The urinary bladder has 2 important functions: storage of urine and emptying. Disturbances of the storage function may result in lower urinary tract symptoms, such as urgency, frequency, and urge incontinence, as the components of the overactive bladder syndrome. The overactive bladder syndrome, which may be due to involuntary contractions of the smooth muscle of the bladder (detrusor) during the storage phase, is caused by increased pressure due to involuntary contraction. Therefore, the bladder pressure and contraction not only give physicians valuable insights into the overall health of a patient’s bladder, but also important information in controlling micturition. Biomarkers that reliably reflect bladder events, such as bladder contraction or bladder pressure, can be one of candidates in implementing the closed-loop system to control micturition function (Table 1).


The technology of measuring biomarkers has been developed because of the importance for the closed-loop feedback control system that can overcome the limits of conventional open-loop neuromodulation. In determining the methods of measuring biomarkers for the closed-loop system, it is important to focus on the feasibility of processing data, therapeutic purpose and considering pain. We will review the current technological status to measure these biomarkers for the closed-loop system.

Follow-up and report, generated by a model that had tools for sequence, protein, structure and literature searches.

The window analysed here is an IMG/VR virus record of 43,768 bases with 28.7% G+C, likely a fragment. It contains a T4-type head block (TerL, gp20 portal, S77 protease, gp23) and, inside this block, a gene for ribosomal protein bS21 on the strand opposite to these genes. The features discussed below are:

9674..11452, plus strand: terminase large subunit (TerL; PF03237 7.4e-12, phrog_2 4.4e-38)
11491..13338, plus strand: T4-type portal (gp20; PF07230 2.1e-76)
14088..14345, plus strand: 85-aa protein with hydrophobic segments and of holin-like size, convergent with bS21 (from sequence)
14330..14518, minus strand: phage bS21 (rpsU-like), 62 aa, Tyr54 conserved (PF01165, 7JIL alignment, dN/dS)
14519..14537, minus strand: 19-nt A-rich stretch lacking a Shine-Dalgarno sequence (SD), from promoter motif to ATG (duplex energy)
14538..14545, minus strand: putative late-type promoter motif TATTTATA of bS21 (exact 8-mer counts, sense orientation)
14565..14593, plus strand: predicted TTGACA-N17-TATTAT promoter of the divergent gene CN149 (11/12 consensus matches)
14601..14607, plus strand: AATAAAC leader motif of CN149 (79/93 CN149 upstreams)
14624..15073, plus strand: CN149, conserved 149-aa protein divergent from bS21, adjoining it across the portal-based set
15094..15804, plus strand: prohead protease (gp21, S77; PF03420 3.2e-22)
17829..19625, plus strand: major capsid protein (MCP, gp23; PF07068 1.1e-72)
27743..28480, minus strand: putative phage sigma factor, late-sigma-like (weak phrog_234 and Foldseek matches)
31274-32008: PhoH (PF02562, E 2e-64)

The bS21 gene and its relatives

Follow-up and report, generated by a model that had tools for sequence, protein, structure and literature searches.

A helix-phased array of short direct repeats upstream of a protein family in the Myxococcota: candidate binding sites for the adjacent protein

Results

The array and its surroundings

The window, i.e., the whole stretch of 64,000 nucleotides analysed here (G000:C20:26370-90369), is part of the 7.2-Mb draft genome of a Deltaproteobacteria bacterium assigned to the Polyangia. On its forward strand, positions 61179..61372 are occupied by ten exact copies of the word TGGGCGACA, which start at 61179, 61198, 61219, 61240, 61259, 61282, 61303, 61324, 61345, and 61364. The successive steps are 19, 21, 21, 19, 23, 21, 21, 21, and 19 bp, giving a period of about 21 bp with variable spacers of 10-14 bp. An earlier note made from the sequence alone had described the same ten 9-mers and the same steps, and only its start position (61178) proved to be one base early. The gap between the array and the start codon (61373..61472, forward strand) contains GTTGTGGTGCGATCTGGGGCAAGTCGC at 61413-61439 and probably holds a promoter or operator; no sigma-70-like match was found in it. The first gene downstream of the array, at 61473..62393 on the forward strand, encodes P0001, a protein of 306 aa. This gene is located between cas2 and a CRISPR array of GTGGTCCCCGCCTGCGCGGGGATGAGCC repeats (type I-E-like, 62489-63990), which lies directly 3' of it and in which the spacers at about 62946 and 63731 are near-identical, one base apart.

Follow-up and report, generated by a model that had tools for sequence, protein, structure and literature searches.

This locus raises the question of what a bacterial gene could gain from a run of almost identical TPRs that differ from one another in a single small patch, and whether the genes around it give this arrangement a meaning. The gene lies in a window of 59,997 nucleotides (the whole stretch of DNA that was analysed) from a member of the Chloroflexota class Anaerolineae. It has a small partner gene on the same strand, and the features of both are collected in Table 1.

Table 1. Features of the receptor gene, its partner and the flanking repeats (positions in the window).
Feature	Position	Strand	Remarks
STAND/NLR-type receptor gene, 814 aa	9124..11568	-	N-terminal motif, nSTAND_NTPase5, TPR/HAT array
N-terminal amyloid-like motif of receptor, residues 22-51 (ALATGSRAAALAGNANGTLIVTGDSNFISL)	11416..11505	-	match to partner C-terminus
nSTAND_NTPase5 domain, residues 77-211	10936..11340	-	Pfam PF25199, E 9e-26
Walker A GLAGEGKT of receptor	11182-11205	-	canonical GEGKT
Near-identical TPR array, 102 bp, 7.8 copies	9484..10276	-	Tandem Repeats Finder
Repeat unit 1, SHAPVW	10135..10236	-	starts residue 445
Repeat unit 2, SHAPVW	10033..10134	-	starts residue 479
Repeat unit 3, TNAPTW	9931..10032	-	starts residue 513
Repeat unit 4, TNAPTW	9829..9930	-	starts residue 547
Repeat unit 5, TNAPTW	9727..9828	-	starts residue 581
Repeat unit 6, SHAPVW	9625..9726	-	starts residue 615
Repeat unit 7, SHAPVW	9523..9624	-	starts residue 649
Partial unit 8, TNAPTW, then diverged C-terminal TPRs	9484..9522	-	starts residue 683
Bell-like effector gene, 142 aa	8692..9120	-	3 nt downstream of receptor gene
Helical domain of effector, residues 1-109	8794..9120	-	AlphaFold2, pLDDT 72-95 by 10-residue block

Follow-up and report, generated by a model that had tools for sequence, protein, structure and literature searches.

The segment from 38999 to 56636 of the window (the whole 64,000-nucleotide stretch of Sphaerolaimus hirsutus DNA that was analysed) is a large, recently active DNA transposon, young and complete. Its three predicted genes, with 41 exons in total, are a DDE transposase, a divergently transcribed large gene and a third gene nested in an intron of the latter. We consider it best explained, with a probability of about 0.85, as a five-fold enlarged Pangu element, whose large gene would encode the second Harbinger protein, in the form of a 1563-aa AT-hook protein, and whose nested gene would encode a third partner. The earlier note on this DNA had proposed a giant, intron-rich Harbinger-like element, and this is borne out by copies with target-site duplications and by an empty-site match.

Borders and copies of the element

The bladder contracts as its smooth muscle undergoes membrane depolarization to void urine. The electromyography (EMG) can be recorded from both the skin surface and subcutaneously, as well as intramuscularly. The signals simultaneously begin at the start of muscle contraction.The EMG from the bladder, the urethra, and the anal sphincter can be used to detect and quantify bladder events [39,40]. Though it had been difficult to acquire such signals accurately, due to low signal-to-noise ratio in the past, the recent advancements in electrode and recording technology now allows data acquisition with high accuracy.


Physiologically, the micturition activity involves coordination between the central, somatic and autonomic nervous systems. The electroneurography (ENG) recordings from the bladder afferent nerves is the suitable method to measuring and monitoring of the bladder volume. It is possible to measure the bladder volume recorded at specific spinal roots (i.e., dorsal root L6) that conduct signals from the bladder afferent nerves in animal models [41]. Furthermore, the bladder contraction can be detected by measuring the electrical activity of the pudendal nerve trunk [39,42].